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Plan Smart Cities with, Not for, Communities

Toward Engaged, Equitable, and Smart Communities: Lessons From West Baltimore
Willow Lung-Amam, Ariel H. Bierbaum, Sheri Parks, Gerrit-Jan Knaap, Gail Sunderman, Lauren Stamm
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In the 21st century, cities are reckoning with a new class of infrastructure: smart city technologies like free public Wi-Fi, web-based curricula, and smart transit hubs. Distributing these services requires the same amount of deliberation as physical infrastructure like road and bridges. Adopting these new technologies could exacerbate the digital divide and income disparities across communities. But if cities implement them equitably, smart city technologies can spur economic development, improve educational outcomes, increase transit efficiency, and increase social services access.

Cities rarely give sufficient attention to the potentially inequitable costs and benefits of smart infrastructure, particularly for low-income communities of color. Even when citizens are engaged in planning, cities often default to solutions that benefit private tech companies rather than residents. In this study of smart city technology in West Baltimore, researchers from the University of Maryland, College Park, explore how engaging communities most affected by smart city investments can help close, rather than exacerbate, opportunity gaps between neighborhoods.

The researchers conducted focus groups in two West Baltimore neighborhoods, Upton and Druid Heights, where 92.0 percent of residents are Black, 15.4 percent of people older than 25 have a bachelor’s degree, and more than 50.0 percent of residents have incomes below 150 percent of the federal poverty level. The researchers partnered with two of the largest community-based organizations in West Baltimore, Upton Planning Committee and Druid Heights Community Development Corporation, to recruit and coordinate the focus groups. The first round of focus groups identified participants’ neighborhood concerns, technology access and barriers, and ideas about how to address neighborhood challenges with technology. The second round of focus groups gathered feedback from residents on specific smart city investments, including those already underway and those on the horizon.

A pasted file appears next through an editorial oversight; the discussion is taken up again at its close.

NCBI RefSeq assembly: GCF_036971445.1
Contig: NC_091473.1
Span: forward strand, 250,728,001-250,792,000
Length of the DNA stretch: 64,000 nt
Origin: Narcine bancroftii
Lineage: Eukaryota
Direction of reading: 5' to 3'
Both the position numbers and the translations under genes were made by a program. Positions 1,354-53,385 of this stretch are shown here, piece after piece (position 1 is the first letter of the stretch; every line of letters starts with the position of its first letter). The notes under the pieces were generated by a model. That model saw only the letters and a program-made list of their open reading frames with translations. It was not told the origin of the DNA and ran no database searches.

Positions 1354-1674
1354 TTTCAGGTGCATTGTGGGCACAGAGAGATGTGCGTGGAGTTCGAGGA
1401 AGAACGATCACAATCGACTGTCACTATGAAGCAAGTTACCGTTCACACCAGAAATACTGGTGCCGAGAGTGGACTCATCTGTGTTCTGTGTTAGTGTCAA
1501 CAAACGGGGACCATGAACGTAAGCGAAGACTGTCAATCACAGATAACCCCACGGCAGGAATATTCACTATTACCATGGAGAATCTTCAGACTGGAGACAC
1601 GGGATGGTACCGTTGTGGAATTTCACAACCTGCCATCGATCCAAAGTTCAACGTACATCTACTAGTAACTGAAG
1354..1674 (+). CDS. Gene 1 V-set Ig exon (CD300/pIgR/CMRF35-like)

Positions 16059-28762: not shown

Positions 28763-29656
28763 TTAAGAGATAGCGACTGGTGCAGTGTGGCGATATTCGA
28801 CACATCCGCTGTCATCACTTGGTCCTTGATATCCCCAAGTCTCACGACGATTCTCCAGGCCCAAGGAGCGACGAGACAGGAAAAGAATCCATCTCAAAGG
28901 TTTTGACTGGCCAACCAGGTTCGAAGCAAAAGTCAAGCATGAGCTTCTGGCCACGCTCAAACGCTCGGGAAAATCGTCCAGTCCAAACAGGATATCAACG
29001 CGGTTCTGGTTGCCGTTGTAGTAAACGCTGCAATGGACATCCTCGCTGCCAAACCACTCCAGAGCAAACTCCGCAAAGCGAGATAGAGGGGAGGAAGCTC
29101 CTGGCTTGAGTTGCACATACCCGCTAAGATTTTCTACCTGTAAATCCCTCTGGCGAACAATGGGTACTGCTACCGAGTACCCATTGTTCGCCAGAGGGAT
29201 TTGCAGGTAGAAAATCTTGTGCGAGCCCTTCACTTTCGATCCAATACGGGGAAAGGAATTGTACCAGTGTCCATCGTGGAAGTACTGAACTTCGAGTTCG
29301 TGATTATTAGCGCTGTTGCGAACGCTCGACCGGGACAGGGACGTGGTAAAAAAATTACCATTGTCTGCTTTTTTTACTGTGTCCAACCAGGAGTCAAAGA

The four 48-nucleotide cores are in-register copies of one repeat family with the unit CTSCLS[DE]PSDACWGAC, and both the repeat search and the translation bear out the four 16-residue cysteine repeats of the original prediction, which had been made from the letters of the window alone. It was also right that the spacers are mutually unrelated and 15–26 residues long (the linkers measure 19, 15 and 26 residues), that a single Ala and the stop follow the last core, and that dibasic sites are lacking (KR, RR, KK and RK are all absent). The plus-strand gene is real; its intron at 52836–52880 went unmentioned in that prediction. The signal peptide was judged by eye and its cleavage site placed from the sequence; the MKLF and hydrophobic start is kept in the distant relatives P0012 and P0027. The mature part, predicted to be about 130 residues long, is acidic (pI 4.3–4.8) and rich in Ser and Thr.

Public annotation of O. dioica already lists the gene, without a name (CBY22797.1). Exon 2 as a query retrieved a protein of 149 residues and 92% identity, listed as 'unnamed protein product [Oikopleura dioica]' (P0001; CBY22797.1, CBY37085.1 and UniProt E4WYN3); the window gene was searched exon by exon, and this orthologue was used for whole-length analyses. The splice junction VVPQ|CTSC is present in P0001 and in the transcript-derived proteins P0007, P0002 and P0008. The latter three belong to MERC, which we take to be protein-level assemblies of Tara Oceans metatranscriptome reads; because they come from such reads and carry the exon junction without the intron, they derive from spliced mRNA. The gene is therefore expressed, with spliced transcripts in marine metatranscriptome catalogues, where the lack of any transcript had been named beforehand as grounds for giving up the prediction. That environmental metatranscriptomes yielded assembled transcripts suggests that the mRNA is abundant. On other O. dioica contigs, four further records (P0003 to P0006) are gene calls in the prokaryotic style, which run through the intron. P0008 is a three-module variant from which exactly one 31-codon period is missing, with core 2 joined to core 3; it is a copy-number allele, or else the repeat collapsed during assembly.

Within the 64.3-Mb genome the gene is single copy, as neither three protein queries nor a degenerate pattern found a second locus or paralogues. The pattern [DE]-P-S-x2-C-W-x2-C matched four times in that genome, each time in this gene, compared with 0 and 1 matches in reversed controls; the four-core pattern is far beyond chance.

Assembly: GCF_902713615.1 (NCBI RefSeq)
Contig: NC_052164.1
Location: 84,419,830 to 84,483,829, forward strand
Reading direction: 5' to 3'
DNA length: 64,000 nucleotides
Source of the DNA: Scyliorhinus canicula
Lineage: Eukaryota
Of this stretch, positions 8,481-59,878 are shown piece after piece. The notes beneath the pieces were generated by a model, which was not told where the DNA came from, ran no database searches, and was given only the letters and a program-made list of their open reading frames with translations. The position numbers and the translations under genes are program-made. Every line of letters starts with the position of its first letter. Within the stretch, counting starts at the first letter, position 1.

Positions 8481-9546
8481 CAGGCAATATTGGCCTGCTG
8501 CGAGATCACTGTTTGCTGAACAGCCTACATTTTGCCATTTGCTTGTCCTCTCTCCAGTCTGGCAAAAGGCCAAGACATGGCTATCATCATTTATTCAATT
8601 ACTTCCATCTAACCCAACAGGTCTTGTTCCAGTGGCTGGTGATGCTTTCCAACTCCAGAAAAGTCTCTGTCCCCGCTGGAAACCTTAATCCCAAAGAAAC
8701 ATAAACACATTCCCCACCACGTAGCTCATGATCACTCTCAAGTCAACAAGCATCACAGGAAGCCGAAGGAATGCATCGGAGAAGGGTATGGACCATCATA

Through 10 focus groups with 172 participants and 116 technology use and access surveys, this study showed how smart city technologies can help residents navigate uneven resource distribution, address the existing digital divide, and develop plans that leverage creative problem-solving to address critical community needs and priorities.

Key findings
  • Many participants lack reliable computer access—68 percent of participants rely on cell phones for internet access, and 24 percent said their internet connection was slow or unreliable.
  • Participants expressed concerns that internet disparities could hold West Baltimore back as technology advances across the city.
  • When discussing smart city solutions, many residents said the process of working with the community was just as important to them as the outcome of the planning process.
  • Participants noted that the construction and maintenance of smart technology could provide West Baltimore residents with needed employment and technology training.
  • Participants voiced concerns that existing and upcoming neighborhood technologies, such as blue light cameras and gunshot detectors, could lead to oversurveillance and racial profiling.
  • Many participants expressed a need to access data from surveillance technology, specifically to allow the community to better track its own safety conditions and hold police accountable.
Policy implications
  • Planning with, not for, communities can help repair and build trust critical to the success of smart city interventions. Researchers, government agents, and smart city technologists should cede power to community leaders and build reciprocal relationships.
  • Smart city policies, programs, and plans should leverage existing neighborhood assets, facilitate residents’ access and choice, and acknowledge the diversity within and between neighborhoods.
  • Smart city planning and implementation should incorporate community accountability and engagement. Notably, communities need to own new technology and have full data access so they can determine how new technology and information is applied.
  • As cities invest in smart technologies, they should also invest in closing digital divides and solutions that complement the ways communities already use technology.